A big part of this, I think, is that DC was thinking that what makes a superhero film work is the physical violence of the fight scenes and the special effects. Really, for me at least, that doesn't sell a fight scene. I need to have a sense of what the experience of combat means to the combatants, and even more, of why they're in the fight in the first place. Dawn of Justice had only two and a half superheroes, but I never felt they made Wonder Woman's motives clear at all, and I didn't get much sense of how Superman's and Batman's were different; their opposition to each other didn't seem clearly motivated. Civil War had a dozen, split into two opposed factions, and for each of them I had a clear sense of what they were doing there and why they were on that side.

Part of this is that Marvel has been taking the trouble to establish both the characterization of their heroes, and the moral qualities they embody, which to my mind is the essential thing that a superhero needs to make sense. DC hasn't brought that out, and in fact it rather seems that Zack Snyder, at least, doesn't believe that superheroes embody any moral qualities—which wasn't really true even for Watchmen, and is a totally bad fit to both Superman and Batman, in different ways.

Both films actually have the idea of a hero vs. hero conflict, one that sets right against right. Civil War seems to take this seriously, with scenes of different characters actually arguing, and with a crucial scene near the beginning where a fairly minor character actually voices Steve Rogers's essentialy moral premise for him. I don't feel that Dawn of Justice ever got into that kind of focus.

Both films have a behind-the-scenes villain who relies on cunning plans; but I find it hard to make any sense of Lex Luthor's cunning plan. Really, he comes across increasingly as a Joker-like nihilist. The hidden villain in Civil War actually seems fairly human and disturbingly sane.

The natural scale of superhero films often seems to be apocalyptic. Dawn of Justice both looks back to an apocalyptic situation in Man of Steel (in fact, its best scene reprises that situation, from the viewpoint of Bruce Wayne, who's more persuasively heroic there than he is in the bat-suit) and builds up to a new one. Civil War doesn't have an apocalyptic conflict; it seems more to be about looking back to the apocalypses of previous MCU films and asking how to deal with them. In a way, it's a pause between the apocalypses of the last Avengers film and the next one. Its big fight does property damage on the scale of a terrorist incident, but not of a battle, and really the only people at risk seem to be the superheroes themselves.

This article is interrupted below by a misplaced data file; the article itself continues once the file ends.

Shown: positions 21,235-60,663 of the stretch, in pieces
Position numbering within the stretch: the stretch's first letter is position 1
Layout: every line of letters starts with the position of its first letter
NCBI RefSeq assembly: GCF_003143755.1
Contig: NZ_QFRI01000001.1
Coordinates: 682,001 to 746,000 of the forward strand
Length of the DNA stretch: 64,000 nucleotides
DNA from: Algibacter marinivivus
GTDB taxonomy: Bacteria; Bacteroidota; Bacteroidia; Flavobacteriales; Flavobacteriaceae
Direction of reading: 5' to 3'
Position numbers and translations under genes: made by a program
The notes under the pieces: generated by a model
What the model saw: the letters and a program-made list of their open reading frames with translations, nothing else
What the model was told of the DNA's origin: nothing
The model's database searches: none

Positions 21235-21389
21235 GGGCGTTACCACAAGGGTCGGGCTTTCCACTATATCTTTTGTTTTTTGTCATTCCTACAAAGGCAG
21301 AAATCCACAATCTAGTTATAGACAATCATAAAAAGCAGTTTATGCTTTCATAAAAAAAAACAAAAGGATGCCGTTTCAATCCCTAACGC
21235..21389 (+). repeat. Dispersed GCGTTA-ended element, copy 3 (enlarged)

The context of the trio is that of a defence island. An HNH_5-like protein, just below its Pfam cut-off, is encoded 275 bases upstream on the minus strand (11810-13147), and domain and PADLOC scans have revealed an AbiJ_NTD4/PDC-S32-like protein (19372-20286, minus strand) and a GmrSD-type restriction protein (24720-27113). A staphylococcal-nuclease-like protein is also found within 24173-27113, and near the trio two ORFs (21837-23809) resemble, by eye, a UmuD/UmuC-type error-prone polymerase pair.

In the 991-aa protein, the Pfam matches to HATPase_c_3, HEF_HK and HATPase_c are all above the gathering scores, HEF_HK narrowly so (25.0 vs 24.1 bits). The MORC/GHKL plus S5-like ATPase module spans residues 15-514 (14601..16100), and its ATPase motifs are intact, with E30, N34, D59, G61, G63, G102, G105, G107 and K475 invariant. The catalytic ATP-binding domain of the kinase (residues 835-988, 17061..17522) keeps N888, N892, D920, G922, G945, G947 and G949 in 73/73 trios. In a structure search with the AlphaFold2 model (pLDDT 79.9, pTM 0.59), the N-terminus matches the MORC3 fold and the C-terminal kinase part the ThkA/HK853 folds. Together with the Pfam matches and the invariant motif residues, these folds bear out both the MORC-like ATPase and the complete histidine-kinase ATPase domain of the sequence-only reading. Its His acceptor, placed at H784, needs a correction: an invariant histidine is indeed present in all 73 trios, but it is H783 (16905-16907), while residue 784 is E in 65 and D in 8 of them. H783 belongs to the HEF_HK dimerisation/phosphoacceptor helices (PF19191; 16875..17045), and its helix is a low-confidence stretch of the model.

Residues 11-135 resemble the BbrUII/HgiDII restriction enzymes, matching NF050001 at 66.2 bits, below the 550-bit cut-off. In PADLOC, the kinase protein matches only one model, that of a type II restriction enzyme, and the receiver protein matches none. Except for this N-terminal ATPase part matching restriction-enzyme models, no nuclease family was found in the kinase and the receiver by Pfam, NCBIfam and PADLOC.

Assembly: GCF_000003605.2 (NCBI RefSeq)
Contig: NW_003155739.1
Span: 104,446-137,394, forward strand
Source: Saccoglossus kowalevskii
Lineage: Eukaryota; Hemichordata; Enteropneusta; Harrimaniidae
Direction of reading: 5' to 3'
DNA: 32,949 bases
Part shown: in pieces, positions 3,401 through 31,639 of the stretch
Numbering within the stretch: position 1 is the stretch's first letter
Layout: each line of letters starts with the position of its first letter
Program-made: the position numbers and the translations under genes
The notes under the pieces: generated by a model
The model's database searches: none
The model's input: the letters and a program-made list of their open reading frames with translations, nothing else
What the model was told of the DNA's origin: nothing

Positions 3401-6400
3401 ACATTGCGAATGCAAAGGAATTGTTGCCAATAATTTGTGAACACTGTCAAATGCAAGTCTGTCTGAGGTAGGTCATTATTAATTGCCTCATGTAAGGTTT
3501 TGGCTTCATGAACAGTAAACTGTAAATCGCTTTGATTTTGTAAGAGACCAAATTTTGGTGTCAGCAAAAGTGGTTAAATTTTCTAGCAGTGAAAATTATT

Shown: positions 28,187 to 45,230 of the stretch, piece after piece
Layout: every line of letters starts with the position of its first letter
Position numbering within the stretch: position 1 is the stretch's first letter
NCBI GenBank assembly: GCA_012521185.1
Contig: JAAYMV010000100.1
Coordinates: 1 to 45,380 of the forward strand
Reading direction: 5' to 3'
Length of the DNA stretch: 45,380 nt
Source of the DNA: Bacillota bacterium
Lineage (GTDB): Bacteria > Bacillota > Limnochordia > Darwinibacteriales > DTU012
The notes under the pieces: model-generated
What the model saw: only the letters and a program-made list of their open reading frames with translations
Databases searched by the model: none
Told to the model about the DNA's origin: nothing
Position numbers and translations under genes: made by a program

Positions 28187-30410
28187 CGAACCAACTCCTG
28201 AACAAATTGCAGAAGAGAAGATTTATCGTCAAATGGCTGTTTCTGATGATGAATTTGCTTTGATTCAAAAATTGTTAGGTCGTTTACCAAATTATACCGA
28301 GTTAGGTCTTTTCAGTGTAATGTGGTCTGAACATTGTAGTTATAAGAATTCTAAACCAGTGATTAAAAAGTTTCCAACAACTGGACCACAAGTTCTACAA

One of the things that made me want to see Dawn of Justice was the Wonder Woman scenes in the previews, and her appearances actually were mostly good, though much too brief; I didn't really feel as if her appearance made the crucial difference that it ought to have. The newly introduced characters who guest starred in Civil War seemed to be more present, and in fact a big part of the story was one of them gaining new moral insight. Wonder Woman seems to change her mind in an important way in Dawn of Justice, but I don't have a sense of how she came to do so, or what evidence she relied on.

In a way the comparison isn't quite fair, because Dawn of Justice properly corresponds not to Civil War, but to The Avengers, where the MCU superhero team came into being. But The Avengers also seemed to have a stronger sense of why its heroes were at odds.

I really wanted to like Dawn of Justice, and to see Marvel get some competition in producing not merely successful superhero films, but successful cumulative series of superhero films. But I just couldn't find much to like in it. The MCU isn't perfect, but it's doing some important things right that DC doesn't even seem to have thought of trying. More's the pity.

choices, ii

Looking at federal and state offices that don't have any Libertarians running:

U.S. representative: Susan Davis has been in Congress for a long time. As a Democrat, she was one of the votes that put through the Affordable Care Act. So I'm not voting for her, ever again.